The city of Meridian decided to sign a consent decree with the Southern Poverty Law Center and MacArthur Justice Center rather than risk legal action in a three-to-two decision Tuesday.
The SPLC and MacArthur Justice Center released a statement praising the council's actions "to end the city's practice of incarcerating residents unable to pay fines and fees and to stop using secured money bail in misdemeanor cases."
Meridian Police Chief Benny Dubose said the city had some warning about the agreement and tried to adjust two years ago by preparing their staff to meet the requirements of the agreement.
"We received word about this potential litigation a couple of years ago and we've tried to take steps forward and address it before they came to us. So we have all of the procedures in place to comply with what they want us to do," Dubose said. "As far as agreeing with it, I don't necessarily agree with it but as far as the finances are concerned it's in the best interest of the city."
One major change would require public defenders at misdemeanor offenses, not just felony offenses.
"It's going to require additional personnel. Whereas (only) certain offenses required us to have a public defender now we're pretty much required to have a public defender at whatever," Dubose said. "And that's a good thing because not everyone can afford to have an attorney. That part I don't have a problem with."
Dubose said he had concerns about the consequences for offenders.
"What I have a problem with is when an individual commits a criminal act and gets no punishment," Dubose said.
The centers said they found the city didn't comply with federal law, state law or the Mississippi Rules of Criminal Procedure, according to their release.
"As part of the agreement, the city agreed to rescind any existing warrants issued against people who have failed to pay these prior fines and fees or failed to appear in court," the release said. "The court will forgive any remaining court debt at a rate of $100 per day for anyone who was previously incarcerated for failing to pay a monetary assessment."
“When people are punished for their inability to pay fines and fees, jurisdictions have effectively made it a crime to be poor,” said Caren Short, a staff attorney for the SPLC said in the release. “By proactively and comprehensively reforming their municipal court practices, the city of Meridian has not only safeguarded the constitutional rights of its residents, but also prevented costly litigation, and we commend them for it.”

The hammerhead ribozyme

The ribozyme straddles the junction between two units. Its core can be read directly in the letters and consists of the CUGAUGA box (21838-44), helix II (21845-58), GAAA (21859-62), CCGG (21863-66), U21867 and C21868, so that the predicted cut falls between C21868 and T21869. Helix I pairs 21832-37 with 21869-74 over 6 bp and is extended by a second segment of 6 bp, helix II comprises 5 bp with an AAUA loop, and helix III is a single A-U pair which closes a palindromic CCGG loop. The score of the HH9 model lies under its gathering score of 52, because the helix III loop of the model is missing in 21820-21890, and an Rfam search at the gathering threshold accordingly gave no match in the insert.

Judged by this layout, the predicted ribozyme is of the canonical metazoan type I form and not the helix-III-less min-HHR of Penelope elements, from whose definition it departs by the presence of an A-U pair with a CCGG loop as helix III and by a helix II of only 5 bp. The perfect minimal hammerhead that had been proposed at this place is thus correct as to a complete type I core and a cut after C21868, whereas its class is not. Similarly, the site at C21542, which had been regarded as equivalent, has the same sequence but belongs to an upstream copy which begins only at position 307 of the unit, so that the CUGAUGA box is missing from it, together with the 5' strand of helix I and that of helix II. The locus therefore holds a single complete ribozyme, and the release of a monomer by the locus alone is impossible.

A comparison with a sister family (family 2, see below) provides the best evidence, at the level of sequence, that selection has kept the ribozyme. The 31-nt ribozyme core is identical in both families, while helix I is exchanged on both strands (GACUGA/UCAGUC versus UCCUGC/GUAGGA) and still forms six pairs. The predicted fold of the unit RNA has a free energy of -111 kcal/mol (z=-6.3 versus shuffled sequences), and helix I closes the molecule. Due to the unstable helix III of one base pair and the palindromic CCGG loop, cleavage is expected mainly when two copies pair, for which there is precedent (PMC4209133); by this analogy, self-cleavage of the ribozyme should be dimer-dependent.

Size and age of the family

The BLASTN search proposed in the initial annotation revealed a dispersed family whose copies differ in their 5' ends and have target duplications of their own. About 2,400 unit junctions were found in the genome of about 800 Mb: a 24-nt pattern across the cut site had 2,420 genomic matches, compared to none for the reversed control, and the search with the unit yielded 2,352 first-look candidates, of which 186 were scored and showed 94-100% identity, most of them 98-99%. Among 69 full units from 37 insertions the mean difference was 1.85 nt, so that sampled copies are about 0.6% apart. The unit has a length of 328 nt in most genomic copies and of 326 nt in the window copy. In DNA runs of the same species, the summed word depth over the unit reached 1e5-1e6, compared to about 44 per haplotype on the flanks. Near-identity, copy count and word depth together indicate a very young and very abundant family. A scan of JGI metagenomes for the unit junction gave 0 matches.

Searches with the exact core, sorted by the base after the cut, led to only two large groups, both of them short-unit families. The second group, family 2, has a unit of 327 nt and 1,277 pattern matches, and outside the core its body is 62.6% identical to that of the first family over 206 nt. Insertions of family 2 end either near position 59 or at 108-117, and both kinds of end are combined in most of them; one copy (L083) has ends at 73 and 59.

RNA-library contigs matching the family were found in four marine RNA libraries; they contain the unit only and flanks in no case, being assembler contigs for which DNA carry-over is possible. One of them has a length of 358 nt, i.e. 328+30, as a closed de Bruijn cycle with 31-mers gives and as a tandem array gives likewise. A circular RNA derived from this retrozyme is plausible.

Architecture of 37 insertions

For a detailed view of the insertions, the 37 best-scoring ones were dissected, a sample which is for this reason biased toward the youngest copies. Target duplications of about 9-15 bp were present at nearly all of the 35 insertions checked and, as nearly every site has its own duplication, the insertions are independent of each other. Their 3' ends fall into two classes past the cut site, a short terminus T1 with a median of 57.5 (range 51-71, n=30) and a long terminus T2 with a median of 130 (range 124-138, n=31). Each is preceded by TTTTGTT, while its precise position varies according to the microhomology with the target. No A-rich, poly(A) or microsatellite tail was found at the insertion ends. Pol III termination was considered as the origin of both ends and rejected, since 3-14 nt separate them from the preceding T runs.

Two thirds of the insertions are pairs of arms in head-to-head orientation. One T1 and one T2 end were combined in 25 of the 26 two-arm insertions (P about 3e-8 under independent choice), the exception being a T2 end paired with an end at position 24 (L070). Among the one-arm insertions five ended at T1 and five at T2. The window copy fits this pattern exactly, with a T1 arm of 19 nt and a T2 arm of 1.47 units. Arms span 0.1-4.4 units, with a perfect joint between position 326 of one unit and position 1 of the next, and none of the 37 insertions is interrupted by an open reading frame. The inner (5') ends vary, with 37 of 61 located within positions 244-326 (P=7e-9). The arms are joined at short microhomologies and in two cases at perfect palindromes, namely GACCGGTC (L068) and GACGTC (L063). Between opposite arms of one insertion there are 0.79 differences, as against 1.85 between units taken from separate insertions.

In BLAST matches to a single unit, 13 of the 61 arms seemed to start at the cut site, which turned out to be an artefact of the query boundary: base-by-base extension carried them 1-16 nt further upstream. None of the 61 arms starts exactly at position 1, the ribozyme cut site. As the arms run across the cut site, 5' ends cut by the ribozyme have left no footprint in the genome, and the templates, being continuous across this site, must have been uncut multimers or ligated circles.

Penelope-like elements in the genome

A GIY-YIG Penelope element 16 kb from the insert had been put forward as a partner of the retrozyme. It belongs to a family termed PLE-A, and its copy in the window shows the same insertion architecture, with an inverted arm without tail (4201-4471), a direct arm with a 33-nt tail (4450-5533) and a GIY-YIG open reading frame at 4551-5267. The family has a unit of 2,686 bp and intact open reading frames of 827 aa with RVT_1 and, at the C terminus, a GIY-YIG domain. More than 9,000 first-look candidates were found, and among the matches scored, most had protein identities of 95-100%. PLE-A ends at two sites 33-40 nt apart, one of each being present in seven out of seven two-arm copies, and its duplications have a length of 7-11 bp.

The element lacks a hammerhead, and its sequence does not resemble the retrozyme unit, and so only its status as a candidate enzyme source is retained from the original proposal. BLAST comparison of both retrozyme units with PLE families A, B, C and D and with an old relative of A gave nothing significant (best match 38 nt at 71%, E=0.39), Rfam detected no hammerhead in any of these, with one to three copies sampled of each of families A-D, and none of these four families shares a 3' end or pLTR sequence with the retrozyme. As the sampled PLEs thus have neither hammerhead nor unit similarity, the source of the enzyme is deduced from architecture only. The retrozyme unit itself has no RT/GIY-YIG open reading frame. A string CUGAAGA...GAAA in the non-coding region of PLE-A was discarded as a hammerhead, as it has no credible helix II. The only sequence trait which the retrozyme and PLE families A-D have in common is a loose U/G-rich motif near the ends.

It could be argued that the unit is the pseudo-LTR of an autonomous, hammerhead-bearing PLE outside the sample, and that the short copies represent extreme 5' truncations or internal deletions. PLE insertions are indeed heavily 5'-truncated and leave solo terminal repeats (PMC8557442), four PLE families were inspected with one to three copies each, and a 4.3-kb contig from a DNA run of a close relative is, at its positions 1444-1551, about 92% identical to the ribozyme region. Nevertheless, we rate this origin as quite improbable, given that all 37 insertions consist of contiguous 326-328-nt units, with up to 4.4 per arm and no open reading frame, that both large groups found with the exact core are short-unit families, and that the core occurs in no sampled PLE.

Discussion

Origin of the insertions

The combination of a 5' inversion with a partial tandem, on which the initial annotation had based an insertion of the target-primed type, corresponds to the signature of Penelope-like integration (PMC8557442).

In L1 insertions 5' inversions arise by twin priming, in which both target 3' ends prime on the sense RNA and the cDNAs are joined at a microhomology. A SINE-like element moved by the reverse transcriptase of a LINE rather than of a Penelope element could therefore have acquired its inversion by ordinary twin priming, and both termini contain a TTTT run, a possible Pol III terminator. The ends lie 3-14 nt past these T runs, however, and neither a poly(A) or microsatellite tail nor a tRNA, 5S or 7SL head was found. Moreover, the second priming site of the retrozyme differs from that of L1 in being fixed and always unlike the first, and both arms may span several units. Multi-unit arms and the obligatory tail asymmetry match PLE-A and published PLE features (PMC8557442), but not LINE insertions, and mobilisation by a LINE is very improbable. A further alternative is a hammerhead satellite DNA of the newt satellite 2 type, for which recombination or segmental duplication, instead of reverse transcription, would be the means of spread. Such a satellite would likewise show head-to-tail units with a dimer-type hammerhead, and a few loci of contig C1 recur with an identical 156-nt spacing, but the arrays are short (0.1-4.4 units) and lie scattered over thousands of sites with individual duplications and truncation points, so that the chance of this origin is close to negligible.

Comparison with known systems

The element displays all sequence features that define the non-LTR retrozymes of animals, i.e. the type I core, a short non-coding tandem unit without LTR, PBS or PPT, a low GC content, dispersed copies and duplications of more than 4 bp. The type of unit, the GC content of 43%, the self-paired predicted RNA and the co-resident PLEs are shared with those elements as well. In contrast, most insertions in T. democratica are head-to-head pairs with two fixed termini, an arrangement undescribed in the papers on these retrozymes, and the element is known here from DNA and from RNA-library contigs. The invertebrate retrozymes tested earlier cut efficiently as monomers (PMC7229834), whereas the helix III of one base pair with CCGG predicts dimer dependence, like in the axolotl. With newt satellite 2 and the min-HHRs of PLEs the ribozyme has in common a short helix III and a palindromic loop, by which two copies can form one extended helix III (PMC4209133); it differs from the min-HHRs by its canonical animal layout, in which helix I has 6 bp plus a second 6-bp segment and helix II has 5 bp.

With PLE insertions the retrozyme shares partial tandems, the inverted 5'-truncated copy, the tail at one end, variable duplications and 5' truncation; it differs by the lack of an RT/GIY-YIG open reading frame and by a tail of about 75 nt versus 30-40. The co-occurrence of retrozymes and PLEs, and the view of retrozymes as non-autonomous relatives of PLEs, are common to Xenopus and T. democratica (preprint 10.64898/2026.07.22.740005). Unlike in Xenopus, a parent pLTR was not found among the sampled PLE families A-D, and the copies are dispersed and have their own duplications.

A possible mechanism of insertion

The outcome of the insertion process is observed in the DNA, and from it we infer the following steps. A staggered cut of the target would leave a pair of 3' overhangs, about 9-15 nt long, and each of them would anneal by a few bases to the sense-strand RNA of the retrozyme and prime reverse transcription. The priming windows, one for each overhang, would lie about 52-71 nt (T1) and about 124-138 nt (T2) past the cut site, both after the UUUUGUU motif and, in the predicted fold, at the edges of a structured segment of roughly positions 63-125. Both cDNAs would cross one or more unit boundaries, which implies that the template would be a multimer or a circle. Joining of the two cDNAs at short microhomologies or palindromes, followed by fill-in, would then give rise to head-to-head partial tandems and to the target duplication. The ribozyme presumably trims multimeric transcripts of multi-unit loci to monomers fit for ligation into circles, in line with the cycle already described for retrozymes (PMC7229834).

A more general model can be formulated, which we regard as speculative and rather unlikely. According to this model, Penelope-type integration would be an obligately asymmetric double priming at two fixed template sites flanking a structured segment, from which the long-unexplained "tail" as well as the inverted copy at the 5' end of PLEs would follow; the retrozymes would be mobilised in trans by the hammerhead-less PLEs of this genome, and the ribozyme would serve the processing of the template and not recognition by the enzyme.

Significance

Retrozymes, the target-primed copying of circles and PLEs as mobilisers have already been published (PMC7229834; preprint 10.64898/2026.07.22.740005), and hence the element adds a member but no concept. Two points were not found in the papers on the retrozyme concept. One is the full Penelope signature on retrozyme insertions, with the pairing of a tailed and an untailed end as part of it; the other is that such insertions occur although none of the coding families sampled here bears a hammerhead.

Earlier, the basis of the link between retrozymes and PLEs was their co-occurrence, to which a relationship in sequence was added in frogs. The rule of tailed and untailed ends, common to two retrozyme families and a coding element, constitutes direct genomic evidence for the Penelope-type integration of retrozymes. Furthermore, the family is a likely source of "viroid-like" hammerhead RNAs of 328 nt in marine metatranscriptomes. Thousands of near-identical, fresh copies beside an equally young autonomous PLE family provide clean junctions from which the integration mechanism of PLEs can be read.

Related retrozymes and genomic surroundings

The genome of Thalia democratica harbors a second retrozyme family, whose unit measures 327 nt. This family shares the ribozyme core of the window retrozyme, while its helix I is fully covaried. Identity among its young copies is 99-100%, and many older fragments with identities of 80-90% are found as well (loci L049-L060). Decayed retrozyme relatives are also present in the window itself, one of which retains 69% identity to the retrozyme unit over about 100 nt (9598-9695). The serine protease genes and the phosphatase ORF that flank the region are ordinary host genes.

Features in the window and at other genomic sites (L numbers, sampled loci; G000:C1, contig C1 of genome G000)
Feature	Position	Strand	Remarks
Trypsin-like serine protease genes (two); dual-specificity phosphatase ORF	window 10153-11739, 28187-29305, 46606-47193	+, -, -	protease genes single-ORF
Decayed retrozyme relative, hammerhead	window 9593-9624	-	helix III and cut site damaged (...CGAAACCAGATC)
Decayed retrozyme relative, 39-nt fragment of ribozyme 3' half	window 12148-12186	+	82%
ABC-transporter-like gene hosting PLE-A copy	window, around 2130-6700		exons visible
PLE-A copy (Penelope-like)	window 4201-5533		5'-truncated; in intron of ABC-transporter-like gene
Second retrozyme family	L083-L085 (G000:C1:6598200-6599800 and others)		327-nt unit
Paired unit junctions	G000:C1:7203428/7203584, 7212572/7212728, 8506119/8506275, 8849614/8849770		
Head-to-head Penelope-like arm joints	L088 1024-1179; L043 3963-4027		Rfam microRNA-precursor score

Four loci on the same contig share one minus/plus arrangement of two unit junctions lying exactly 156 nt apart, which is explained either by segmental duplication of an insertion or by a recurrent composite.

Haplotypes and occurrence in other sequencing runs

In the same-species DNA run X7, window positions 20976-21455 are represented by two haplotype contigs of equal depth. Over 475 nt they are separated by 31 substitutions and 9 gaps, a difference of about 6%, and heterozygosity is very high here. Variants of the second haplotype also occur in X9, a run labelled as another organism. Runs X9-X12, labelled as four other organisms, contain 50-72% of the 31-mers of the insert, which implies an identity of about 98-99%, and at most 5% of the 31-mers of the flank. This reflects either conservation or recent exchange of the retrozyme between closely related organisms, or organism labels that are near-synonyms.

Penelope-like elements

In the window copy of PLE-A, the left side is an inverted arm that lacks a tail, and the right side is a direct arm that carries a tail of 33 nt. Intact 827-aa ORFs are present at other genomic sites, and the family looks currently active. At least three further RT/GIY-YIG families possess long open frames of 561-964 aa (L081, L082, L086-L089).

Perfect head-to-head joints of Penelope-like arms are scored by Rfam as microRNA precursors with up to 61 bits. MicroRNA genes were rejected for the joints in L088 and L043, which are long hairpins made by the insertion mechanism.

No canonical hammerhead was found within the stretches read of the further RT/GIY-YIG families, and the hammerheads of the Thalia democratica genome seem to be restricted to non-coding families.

Dubose saw the agreement differently.
"What they are asking us to do is follow their guidelines versus the guidelines that we were accustomed to following. If an individual was unable to pay a fine then there were alternative measures that the court would take such as incarceration or public service. But the Southern Poverty group is asking, or rather, demanding, that we follow the guidelines that they set," Dubose said. "If an individual commits a criminal act, then we have to go through procedures that they dictate rather than what we have been accustomed to doing."
Dubose said that based on the documentation he had seen from other cities that fought against a similar agreement, he didn't believe the city would win.
"Based on the documents that I've seen from other cities that have faced Southern Poverty, the judges have agreed that you should not incarcerate a person because of their financial status, basically," Dubose said. "But it also goes a little bit further than that as far as I'm concerned. If an individual is unemployed and chooses to be a career criminal, what punishment is there for them? You can't make them work. You can't put them in jail because they can't financially pay their fines.... they didn't give us any alternatives. That's what I have a problem with."
According to the city's legal counsel, the agreement would be the most cost-effective move.
"It's our opinion that this would be the best way forward," Matt Watson, an attorney for the city, told the council on Tuesday. "If we do not enter into this agreement I anticipate we would be sued within a month."
The two organizations previously won in court against the municipalities of Biloxi, Corinth, Jackson, Moss Point and Scott County, according to the Associated Press.
Weston Lindemann, of Ward 5, and Tyrone Johnson, of Ward 2, both voted against the measure.
"It sounds like we're doing things the right way (in municipal court)," Lindemann said. "It feels like the (SPLC) is going around picking fights."
Despite his personal opposition, George Thomas said he would vote for the measure to avoid litigation.
"All we're saying is we'll follow the law," Thomas, of Ward 1, said. "To follow the law for the next two years rather than fight it out in court."
Watson reiterated the cost of fighting the agreement.
"Just in terms of financial costs, it is a lot cheaper than going to court and winning. And it's definitely cheaper than going to court and losing," Watson said.
Watson said the agreement would include quarterly meetings with the groups and reporting reasons for cash bail on misdemeanor charges for two years, rather than the three years the organizations requested.
He clarified that the agreement dealt with how the city handled failure to pay, rather than failure to appear, another issue advocacy groups have mentioned.
"If you can't pay a fine the best thing to do is show up at your court date," Watson said, saying the court had ways to handle indigent defenders, such as addressed in this agreement, through payment plans or community service.